The state auditor oversees approximately $17 billion in annual spending by more than 4,300 local government bodies.

United they stand

In contrast to the 1998 and 2000 elections, the major parties enter the primaries with few of their high-profile races expected to be close.

Four years ago, DFL gubernatorial candidates drained their coffers in a four-way primary fight. But at the party’s May endorsement convention, Democrats were prepared to unify behind the party’s endorsed candidate.

“It’s like the delegates are on Valium,” convention co-chairman David Lillehaug said at the time. “There is a lot of unity and very little fighting. That bodes well.”

Endorsed candidate Roger Moe’s only primary challenger is Minneapolis artist Ole Savior, who ran unsuccessfully for governor in 1998, U.S. House in 1988 and U.S. Senate in 1984, 1996 and 2000.

Democratic U.S. Sen. Paul Wellstone received the DFL’s unanimous endorsement for a third term, although he faces two challengers in the primary.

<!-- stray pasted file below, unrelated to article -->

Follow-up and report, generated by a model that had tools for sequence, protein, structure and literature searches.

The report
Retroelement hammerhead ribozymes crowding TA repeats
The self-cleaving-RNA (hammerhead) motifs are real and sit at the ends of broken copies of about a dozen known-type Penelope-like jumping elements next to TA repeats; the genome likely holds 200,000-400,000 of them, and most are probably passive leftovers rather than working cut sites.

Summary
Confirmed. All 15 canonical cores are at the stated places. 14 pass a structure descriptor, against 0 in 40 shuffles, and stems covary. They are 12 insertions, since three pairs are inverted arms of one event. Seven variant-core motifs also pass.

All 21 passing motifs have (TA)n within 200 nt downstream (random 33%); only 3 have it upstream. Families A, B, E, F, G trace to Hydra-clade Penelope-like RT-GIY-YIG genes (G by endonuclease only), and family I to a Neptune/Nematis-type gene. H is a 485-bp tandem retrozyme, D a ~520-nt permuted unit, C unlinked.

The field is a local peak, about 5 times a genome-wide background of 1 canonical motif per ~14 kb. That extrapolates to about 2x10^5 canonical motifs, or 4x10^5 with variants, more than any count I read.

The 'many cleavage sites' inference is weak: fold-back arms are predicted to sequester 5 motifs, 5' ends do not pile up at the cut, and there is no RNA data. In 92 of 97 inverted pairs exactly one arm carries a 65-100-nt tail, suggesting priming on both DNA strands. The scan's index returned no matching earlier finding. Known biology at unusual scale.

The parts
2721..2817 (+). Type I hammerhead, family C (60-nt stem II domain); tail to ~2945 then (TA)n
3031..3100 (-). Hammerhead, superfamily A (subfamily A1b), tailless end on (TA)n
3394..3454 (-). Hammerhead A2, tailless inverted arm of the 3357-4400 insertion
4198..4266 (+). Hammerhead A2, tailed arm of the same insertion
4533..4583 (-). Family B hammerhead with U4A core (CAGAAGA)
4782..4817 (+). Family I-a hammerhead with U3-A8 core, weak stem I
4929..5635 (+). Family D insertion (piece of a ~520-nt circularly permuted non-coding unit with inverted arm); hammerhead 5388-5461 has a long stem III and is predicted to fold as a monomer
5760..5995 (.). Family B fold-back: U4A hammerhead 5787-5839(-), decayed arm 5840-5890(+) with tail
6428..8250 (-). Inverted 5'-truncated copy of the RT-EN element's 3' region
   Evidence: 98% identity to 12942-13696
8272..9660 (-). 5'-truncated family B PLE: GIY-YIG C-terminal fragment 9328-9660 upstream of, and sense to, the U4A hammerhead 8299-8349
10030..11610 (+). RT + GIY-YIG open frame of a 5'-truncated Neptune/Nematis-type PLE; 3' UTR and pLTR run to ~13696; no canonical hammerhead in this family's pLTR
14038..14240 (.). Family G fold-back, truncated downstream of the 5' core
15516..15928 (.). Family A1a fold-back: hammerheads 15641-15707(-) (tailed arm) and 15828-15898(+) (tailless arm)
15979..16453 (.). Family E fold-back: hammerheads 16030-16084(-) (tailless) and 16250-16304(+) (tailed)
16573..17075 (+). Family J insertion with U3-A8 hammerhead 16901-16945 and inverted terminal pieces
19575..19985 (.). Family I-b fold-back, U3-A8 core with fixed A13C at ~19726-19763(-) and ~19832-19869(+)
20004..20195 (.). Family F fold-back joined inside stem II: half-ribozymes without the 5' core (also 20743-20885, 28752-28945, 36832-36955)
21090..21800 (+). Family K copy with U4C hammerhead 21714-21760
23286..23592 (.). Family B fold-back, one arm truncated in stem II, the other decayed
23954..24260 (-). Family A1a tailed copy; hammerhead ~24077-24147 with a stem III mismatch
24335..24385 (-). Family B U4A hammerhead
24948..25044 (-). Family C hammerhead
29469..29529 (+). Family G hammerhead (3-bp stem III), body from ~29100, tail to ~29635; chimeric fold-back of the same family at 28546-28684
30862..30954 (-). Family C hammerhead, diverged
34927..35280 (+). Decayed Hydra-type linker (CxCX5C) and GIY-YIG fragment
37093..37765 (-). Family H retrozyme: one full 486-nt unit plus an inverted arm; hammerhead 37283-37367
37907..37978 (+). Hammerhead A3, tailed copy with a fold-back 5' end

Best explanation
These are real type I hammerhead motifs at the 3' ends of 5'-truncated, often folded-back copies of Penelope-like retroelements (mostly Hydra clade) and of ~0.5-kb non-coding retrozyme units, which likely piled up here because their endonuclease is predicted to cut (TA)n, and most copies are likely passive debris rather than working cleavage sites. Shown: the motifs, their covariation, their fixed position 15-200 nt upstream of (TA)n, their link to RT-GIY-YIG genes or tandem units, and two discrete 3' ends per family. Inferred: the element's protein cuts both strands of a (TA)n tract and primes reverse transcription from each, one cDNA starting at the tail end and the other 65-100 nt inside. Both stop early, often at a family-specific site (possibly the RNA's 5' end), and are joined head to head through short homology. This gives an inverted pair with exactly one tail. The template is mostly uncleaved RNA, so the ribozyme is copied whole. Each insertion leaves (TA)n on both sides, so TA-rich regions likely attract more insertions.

Tim Pawlenty’s Republican endorsement for governor came after 12 rounds of voting during nearly 16 hours at the party’s convention.

But both Pawlenty and opponent Brian Sullivan had pledged to support the party’s endorsed candidate. Pawlenty faces environmentalist Leslie Davis in the GOP primary.

Norm Coleman, the Republican U.S. Senate candidate supported by the White House, will meet challenger Jack Shepard in Tuesday’s primary.

Independence Party gubernatorial candidate Tim Penny, also senior fellow and co-director of the University’s Humphrey Institute Policy Forum, drew 87 percent of delegates at the party convention and is supported by Gov. Jesse Ventura against opponent Bill Dahn.

The IP’s U.S. Senate candidate, Jim Moore, received 80 percent of the delegates’ votes and faces two opponents in the primary.

Green Party gubernatorial candidate Ken Pentel, one of the party’s leading organizers, was supported by 80 percent of the party’s delegates and faces Richard Klatte in the primary.

What primary elections do

Primary elections narrow the field of candidates running in each party and determine which candidates will represent the party in the general election.

Any eligible voter can vote in the primary election, but under Minnesota law, a person must vote for the same party’s candidates in each race.

This procedure differs from the general election, in which a voter can choose different parties’ candidates for different offices.

A person does not need to be a party member or activist to vote for that party’s candidates.


Staff reporter Libby George and The Associated Press contributed to this report.